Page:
The Rage (2007)

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Overall Rating 47%
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Ranked #5,619
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A crazed scientist experiments with a rage virus on innocent victims in a laboratory in the woods. When his monstrous subjects escape and vultures devour their remains, they became mutations seeking to feed on humans. --IMDb
Andrew Divoff
Andrew Divoff
Erin Brown
Erin Brown
Ryan Hooks
Ryan Hooks
Sean Serino
Sean Serino
Rachel Scheer
Rachel Scheer
Review by Chad
Added: March 02, 2008
I have to admit that when I first heard about The Rage, I immediately assumed that it would be a simple knockoff of 28 Days Later; after all, both films deal with a virus that turns people into raging madmen with an appetite for flesh (but don't call them zombies!), and of course, there's that little detail about the title of this movie seemingly being a play off of the rage virus, the virus that kicked off the chain of events in the aforementioned British film. What I found is that the two films have very little in common: they both feature infected humans who want to consume the heroes as a result of science gone wrong, but really, that's about the extent of the similarities. While that may seem like a pretty big similarity in print, the actual events that take place on the screen are radically different in every way imaginable, and personally, I couldn't have been more pleased with the results.

We kick things off with a gore-soaked scene in which we learn that a mad scientist named Dr. Viktor Vasilienko (Andrew Divoff) is whipping up a concoction known as - wait for it - "Rage", a virus that causes the host to turn into a mindless being with an insatiable hunger for human flesh. Why? All of your questions will be answered towards the end of the film, but I'm not going to spoil it here. Anyway, it turns out that this virus does exactly what it was supposed to do, but unfortunately for Viktor, things don't go exactly as planned as his unwilling guinea pig manages to escape its confines and tear him to pieces. This infected man eventually makes his way outside the research lab (well, the wooden shack in the middle of the woods), but soon collapses in a puddle of his own blood and pus. This is a welcome treat for the vultures flying overhead, but once they consume the dead man's flesh... well, it may not technically be a zombie film, but you know that rule about bodily fluids transferring the disease? Yeah, it works here too, and it also works across species.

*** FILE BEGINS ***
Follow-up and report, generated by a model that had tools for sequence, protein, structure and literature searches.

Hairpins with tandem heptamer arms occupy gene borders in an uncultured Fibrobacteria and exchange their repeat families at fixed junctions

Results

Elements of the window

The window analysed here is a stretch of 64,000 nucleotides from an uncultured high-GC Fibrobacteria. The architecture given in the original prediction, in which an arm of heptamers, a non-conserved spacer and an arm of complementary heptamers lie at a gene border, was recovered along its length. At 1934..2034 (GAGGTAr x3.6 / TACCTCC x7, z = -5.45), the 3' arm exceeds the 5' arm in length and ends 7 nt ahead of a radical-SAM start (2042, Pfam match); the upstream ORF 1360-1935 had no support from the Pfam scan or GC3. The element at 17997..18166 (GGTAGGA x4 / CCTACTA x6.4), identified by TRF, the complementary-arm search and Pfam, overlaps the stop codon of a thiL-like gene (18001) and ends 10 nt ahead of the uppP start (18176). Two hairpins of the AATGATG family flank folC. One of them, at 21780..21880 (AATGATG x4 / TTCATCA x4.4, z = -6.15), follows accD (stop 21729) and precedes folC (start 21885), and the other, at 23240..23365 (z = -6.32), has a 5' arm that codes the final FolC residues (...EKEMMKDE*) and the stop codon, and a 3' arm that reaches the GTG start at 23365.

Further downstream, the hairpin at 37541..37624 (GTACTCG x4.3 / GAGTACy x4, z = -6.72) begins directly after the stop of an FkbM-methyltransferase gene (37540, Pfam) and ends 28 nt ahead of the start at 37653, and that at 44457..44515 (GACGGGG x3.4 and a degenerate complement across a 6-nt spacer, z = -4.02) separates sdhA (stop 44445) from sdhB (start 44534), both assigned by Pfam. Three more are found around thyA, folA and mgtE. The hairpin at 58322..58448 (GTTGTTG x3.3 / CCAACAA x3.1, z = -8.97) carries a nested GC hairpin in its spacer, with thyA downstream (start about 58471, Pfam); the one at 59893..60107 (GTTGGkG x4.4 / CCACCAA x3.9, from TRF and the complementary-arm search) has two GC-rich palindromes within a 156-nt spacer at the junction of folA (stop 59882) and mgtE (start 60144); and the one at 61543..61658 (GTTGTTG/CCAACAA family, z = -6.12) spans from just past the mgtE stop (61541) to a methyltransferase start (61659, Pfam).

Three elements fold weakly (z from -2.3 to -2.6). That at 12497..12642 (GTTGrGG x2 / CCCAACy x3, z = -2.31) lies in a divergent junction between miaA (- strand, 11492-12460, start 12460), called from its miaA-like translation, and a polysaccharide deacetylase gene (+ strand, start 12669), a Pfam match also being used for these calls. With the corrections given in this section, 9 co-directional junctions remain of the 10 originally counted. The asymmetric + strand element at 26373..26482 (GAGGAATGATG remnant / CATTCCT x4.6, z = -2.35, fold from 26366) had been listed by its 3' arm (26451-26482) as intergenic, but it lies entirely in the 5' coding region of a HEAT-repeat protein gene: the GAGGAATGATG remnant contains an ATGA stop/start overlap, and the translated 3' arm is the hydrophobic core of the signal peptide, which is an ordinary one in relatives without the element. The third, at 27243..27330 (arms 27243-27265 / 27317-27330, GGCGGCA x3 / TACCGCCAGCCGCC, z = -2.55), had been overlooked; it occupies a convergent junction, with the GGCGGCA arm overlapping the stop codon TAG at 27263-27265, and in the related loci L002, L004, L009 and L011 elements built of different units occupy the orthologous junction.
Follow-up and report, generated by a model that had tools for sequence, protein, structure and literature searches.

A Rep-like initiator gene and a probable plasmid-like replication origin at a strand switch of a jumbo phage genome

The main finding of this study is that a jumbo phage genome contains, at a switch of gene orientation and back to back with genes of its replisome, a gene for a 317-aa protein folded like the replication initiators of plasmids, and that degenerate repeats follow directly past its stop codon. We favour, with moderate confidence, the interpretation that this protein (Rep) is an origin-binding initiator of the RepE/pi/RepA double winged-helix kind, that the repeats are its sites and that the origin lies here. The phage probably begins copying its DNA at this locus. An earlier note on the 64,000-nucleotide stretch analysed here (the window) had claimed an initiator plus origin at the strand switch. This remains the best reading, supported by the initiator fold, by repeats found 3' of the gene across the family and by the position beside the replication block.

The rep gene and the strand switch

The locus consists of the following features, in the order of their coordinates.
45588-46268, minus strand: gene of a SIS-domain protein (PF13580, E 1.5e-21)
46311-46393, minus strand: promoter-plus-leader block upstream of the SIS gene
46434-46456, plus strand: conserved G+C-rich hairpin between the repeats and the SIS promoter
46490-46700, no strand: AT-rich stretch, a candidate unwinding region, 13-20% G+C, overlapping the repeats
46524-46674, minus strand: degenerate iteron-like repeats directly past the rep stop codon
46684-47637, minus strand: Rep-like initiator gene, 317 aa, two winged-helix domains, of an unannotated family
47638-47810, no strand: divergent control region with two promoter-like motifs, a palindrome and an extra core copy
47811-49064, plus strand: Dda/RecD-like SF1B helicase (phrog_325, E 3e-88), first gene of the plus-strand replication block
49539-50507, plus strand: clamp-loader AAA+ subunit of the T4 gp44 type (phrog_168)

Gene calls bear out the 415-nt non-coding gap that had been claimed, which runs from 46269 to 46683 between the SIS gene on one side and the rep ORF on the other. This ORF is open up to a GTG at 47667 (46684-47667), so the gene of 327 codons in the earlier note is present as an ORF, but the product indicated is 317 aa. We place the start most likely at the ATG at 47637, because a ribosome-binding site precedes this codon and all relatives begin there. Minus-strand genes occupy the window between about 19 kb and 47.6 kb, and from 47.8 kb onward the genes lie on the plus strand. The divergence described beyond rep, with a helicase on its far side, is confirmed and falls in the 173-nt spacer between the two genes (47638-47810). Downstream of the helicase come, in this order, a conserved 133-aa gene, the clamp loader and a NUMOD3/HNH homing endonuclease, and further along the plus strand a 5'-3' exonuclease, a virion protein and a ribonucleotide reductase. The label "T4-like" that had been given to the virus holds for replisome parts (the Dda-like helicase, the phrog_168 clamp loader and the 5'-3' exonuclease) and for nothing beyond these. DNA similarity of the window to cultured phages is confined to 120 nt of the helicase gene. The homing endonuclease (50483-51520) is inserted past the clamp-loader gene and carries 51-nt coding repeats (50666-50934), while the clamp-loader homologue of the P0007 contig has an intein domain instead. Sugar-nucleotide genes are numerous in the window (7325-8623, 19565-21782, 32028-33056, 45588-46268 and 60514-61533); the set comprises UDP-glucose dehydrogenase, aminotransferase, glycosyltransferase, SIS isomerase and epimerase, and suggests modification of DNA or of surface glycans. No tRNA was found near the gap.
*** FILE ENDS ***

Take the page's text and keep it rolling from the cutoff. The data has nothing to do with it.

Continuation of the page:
On the other side of town, a group of friends - Kat (Erin Brown), Josh (Ryan Hooks), Olivia (Rachel Scheer), Pris (Sean Serino), and Jay (Anthony Clark) - are heading for home after attending an outdoor rave party when they manage to wreck their RV thanks to a man "standing" in the middle of the road. They eventually find themselves stranded in the middle of nowhere with a horde of infected vultures hot on their heels in search of a warm meal, but once they find a place to hole up and wait it out, they realize that they may have been better off with the vultures. Oh, and for the horror geeks reading this, you'll be pleased to know that Reggie Bannister shows up for a cameo appearance and makes an amusing reference to the film that made him a horror convention mainstay to this day.

You may be thinking a couple of things at this point in the review, with "zombie vultures?" and "what the fuck?" clocking in near the top of that list. That's understandable, as the combination of zombies and birds doesn't exactly sound like a crowning achievement in the world of horror. However, you should be aware that this is not a horror film that attempts to scare the audience; no, this is a splatstick film in the grand tradition of Braindead, a film which attempts to combine a couple of scares with buckets of gores and plenty of laughs. I wouldn't go so far as to label it a horror comedy, but there's more than a couple of moments which will have you laughing with manic glee.